Synthetic Opioid Threat Prompts Bipartisan Push To Equip Police With Life Saving Screening Technology


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Steve Birr Vice Reporter
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A bipartisan proposal in the Senate would arm local law enforcement across the country with advanced drug screening technology to protect officer lives from the threat of synthetic opioids.

Democratic Ohio Sen. Sherrod Brown championed the legislation at a gathering of police in Dayton, Ohio, Sunday, arguing it is vital to give first responders the technology necessary to protect from accidental exposure to potent substances like fentanyl. The bill, dubbed the Providing Officers With Electronic Resources or POWER act, would give grants to local departments to purchase the expensive equipment, which can cost $10,000 or more, reports My Dayton Daily News.

Brown compares the proposal to the INTERDICT act, signed into law Jan. 10, which providers more funding and screening technology to agents with U.S. Customs and Border Protection. Republican Ohio Sen. Rob Portman is co-sponsoring the bill along with Brown.(RELATED: Study: States Might Be Undercounting Opioid Deaths By As Much As 70,000)

“It can save lives,” Brown said Sunday, according to My Dayton Daily News.

Ohio lost 4,329 residents to drug overdoses in 2016, a 24 percent increase over 2015, fueled by the flood of synthetic opioids like fentanyl that continue to pour into the country. The number of opioid deaths would be much higher without the presence of the overdose reversal drug naloxone, officials say. Ohio first responders administered roughly 43,000 doses of naloxone in 2016.

Overdose deaths are down in Dayton this year, however, officials warn that, “difficult work is yet ahead of us,” particularly when it comes to dealing with synthetic painkillers, which greatly vary in potency. Fentanyl is roughly 50 to 100 times more powerful than morphine, while the elephant tranquilizer carfentanil is roughly 100 times more powerful than fentanyl.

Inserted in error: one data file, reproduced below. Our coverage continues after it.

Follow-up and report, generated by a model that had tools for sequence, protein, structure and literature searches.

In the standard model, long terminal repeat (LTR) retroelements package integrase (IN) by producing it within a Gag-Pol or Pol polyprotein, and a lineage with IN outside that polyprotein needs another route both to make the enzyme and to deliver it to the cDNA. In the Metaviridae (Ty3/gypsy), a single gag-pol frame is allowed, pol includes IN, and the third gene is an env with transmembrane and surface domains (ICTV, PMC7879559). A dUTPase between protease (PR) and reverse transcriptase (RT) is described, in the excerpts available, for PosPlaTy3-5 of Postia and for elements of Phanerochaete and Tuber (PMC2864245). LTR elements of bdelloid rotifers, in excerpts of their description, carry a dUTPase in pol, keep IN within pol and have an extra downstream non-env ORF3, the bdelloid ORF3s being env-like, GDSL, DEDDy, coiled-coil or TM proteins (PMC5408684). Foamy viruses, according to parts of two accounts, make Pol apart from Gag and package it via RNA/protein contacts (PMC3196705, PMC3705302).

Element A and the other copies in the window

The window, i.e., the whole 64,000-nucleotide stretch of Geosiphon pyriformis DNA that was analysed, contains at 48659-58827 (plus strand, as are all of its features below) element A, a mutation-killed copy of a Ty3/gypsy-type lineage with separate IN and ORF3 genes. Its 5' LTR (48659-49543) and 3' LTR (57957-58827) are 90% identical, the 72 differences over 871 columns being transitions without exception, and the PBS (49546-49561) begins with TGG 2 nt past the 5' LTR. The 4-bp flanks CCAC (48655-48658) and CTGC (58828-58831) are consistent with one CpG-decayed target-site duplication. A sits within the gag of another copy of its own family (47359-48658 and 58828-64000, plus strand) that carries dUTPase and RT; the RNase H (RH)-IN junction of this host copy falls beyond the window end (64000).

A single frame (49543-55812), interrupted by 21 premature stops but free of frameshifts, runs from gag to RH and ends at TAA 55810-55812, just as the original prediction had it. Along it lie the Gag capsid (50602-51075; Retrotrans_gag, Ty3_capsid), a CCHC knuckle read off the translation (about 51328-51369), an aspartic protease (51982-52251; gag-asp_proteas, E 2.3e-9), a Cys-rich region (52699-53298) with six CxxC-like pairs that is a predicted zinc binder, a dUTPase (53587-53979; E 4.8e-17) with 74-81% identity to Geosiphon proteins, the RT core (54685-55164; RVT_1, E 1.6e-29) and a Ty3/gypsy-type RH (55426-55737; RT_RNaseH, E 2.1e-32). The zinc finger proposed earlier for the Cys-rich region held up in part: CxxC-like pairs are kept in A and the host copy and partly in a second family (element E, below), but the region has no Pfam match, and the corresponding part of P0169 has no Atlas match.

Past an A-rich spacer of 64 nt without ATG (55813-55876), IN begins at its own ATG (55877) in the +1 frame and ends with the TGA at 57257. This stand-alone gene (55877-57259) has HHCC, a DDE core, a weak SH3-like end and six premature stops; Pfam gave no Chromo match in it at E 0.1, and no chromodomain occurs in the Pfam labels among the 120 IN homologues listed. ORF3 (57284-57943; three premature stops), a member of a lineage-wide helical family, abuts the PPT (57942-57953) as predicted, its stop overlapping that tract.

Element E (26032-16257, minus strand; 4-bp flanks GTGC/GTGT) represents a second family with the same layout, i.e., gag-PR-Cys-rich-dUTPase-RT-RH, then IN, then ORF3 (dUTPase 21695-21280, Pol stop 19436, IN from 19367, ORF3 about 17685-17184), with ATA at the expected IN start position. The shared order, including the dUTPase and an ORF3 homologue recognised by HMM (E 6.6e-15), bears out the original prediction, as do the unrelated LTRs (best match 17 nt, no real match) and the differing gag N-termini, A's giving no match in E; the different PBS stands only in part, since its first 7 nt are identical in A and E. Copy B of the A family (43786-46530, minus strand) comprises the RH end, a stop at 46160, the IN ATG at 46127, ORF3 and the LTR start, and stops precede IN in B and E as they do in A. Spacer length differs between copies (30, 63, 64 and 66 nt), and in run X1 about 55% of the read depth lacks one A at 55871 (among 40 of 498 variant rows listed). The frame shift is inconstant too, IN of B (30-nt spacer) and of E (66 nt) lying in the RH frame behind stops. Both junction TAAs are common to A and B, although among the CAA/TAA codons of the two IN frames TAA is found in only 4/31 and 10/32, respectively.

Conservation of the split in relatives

Data released by officials with the Centers for Disease Control and Prevention July 11 shows the majority of opioid-linked deaths are now the result of synthetic opioids like fentanyl.

The report shows synthetic opioids killed roughly 27,000 people across the U.S. over the 12-month period ending November 2017, up from roughly 19,413 lives in 2016 and 9,580 lives in 2015. The sharp increase prompted a Health Alert Network warning from CDC officials advising of the ever-increasing presence of synthetic opioids in the drug supply, including in non-opioid narcotics such as cocaine.

The health alert warns that first responders may not be aware of the amount of synthetic opioids floating around drug supplies in their community. It says patients suffering opioid overdoses may require increased care and “prolonged dosing of naloxone in the ED hospital setting due to a delayed toxicity that has been reported in some cases.”

Nationally, drug overdoses are the leading cause of accidental death for Americans under age 50, killing more than 64,000 people in 2016.

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